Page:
Long putters on agenda
JACKSONVILLE, Fla. -- The PGA Tour is bringing a guest speaker to its mandatory players' meeting next week at Torrey Pines -- USGA executive director Mike Davis.
A proposed rule that would ban the stroke used for belly putters and broom-handle putters is on the agenda for the Tuesday night meeting at the Farmers Insurance Open. The U.S. Golf Association and Royal & Ancient Golf Club announced in November that anchored strokes would be outlawed starting in 2016.
Davis said PGA Tour commissioner Tim Finchem and the policy board invited him to speak.
"It's just part of the process, to explain the anchoring, talk a little bit about our rationale and explain how the rule operates," Davis said Friday. "I'm going to do that and answer some questions. And then Tim is probably going to toss me out of the room and he'll talk to the players."
Typical of any proposed rule, there is a 90-day comment period before the USGA and R&A decide to adopt it. One issue for the PGA Tour and other professional circuits is whether to enact the ban on anchoring before 2016, to avoid a stigma attached to players using long putters or to have the topic become a distraction.
Davis said he would have no input on that decision.
"It would be ludicrous for us to even intervene at all," Davis said.
Ty Votaw of the PGA Tour said having Davis would be nothing more than an "opportunity for there to be good discussion about the proposed rule." He did not say how soon the tour would work on when to implement the new rule, if it even does this year.
Player meetings are rarely contentious unless it's a divisive topic such as the introduction of drug testing in 2008. The proposed rule is a game-changer, however, with more players going to the anchored stroke in recent years. Even so, Bradley suggested a month ago that players using long putters are part of a small minority. Among players who have praised the new rule are Tiger Woods, Steve Stricker and Graeme McDowell.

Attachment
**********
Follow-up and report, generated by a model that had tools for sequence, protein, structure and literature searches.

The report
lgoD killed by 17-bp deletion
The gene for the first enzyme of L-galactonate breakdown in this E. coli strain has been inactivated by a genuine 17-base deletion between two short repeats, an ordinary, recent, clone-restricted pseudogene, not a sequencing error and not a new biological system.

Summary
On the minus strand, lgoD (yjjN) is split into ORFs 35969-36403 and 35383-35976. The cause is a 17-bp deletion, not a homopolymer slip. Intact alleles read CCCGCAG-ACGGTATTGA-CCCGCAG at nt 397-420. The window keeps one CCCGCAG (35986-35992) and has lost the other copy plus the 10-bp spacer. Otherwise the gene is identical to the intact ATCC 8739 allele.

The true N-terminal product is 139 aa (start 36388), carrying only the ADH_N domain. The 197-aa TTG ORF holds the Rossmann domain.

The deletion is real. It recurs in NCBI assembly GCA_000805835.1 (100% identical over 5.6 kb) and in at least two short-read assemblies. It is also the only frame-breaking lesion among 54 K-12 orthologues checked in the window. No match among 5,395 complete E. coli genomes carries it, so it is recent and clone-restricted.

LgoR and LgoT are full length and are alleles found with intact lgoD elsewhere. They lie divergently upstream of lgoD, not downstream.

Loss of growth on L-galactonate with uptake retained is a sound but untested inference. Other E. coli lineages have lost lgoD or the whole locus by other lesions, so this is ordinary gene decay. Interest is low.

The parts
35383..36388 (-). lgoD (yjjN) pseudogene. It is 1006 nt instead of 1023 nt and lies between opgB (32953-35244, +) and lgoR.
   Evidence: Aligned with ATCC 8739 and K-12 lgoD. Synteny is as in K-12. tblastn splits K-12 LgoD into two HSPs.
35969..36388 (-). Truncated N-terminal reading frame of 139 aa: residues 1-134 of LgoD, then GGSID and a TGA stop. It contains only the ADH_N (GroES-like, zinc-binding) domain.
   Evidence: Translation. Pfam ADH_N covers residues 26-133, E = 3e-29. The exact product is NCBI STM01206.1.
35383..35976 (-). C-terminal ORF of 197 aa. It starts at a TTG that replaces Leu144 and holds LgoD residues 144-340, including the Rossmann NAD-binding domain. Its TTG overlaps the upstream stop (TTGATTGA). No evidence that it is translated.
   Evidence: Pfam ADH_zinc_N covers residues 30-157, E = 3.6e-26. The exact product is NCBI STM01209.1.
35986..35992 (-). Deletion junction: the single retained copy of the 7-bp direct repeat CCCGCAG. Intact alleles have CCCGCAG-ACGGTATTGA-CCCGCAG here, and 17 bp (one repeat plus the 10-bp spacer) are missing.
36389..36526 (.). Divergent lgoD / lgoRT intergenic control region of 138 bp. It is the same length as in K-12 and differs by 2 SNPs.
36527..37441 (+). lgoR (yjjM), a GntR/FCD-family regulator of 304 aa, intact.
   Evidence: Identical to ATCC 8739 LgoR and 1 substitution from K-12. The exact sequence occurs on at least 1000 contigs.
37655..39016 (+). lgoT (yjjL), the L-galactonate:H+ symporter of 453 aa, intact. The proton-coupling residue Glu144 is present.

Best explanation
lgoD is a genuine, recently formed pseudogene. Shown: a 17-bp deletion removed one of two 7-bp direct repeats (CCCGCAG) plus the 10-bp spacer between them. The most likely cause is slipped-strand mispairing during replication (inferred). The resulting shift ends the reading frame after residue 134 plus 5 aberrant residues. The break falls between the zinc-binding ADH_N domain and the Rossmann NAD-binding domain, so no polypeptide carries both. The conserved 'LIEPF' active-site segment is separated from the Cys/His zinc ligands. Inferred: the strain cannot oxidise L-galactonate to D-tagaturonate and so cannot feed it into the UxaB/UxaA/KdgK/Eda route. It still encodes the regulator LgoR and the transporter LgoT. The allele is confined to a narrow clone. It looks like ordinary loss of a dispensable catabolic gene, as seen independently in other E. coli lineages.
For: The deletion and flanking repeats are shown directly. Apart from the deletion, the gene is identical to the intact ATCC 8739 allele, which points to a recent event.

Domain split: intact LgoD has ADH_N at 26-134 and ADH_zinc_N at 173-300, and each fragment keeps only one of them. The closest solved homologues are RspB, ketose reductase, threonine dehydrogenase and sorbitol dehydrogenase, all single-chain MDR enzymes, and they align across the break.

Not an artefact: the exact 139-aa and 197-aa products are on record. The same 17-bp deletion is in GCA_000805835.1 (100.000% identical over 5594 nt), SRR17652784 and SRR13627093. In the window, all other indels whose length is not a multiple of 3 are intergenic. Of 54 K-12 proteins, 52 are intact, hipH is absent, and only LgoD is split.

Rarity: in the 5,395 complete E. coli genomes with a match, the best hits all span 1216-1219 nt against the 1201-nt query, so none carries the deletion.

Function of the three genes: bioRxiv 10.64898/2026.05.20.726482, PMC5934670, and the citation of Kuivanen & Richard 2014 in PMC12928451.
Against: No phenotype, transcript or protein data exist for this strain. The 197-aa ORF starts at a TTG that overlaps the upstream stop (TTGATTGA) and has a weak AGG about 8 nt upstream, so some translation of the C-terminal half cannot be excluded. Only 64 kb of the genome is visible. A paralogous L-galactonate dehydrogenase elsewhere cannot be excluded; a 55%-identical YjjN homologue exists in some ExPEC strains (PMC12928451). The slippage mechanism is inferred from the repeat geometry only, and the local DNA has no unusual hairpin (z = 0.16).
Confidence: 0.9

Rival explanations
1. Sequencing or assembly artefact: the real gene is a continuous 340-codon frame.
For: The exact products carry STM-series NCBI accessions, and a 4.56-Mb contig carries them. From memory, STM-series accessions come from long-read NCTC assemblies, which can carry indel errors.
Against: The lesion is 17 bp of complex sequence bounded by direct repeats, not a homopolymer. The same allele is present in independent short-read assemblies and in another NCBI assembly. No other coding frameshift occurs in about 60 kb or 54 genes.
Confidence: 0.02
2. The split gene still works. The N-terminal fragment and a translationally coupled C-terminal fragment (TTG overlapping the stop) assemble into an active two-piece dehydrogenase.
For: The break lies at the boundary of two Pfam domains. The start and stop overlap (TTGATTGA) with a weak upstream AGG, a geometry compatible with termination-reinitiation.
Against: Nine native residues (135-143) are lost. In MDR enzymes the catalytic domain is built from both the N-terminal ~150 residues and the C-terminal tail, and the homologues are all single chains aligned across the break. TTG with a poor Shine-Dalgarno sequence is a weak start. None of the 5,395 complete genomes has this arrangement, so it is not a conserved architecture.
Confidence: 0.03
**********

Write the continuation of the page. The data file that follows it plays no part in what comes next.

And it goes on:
Carl Pettersson said in Hawaii that the proposed rule seemed to be the product of a "witch hunt," and that it didn't seem fair to someone like him who has invested thousands of hours practicing with a long putter. It's the only method the 35-year-old Swede has used since his sophomore year in college.
Davis is not expecting any protests.
"From what the tour wants, this is just an educational thing and a chance to ask players any questions they have," he said. "I don't think it's designed for players to say how they feel about it."
Davis has been cautious not to speak publicly about the proposed rule during the comment period, which ends after the West Coast swing at the end of February. He even turned down an invitation to speak next week as part of a "State of the Game" panel at the PGA Merchandise Show in Orlando.
Davis described comments the USGA and R&A have received in the last six weeks as "very good feedback," though nothing enlightening or that has caused them to feel as though they missed something in writing the rule.
The main reason for the new rule, as Davis and R&A chief executive Peter Dawson said Nov. 28, was a concern that anchored strokes was taking away some of the skill inherent to golf. Davis said the rule simply defined what a golf stroke is supposed to be.
"I don't think I'll say anything that's going to be new," Davis said. "Then I'll leave the room, and I'm sure it will be different."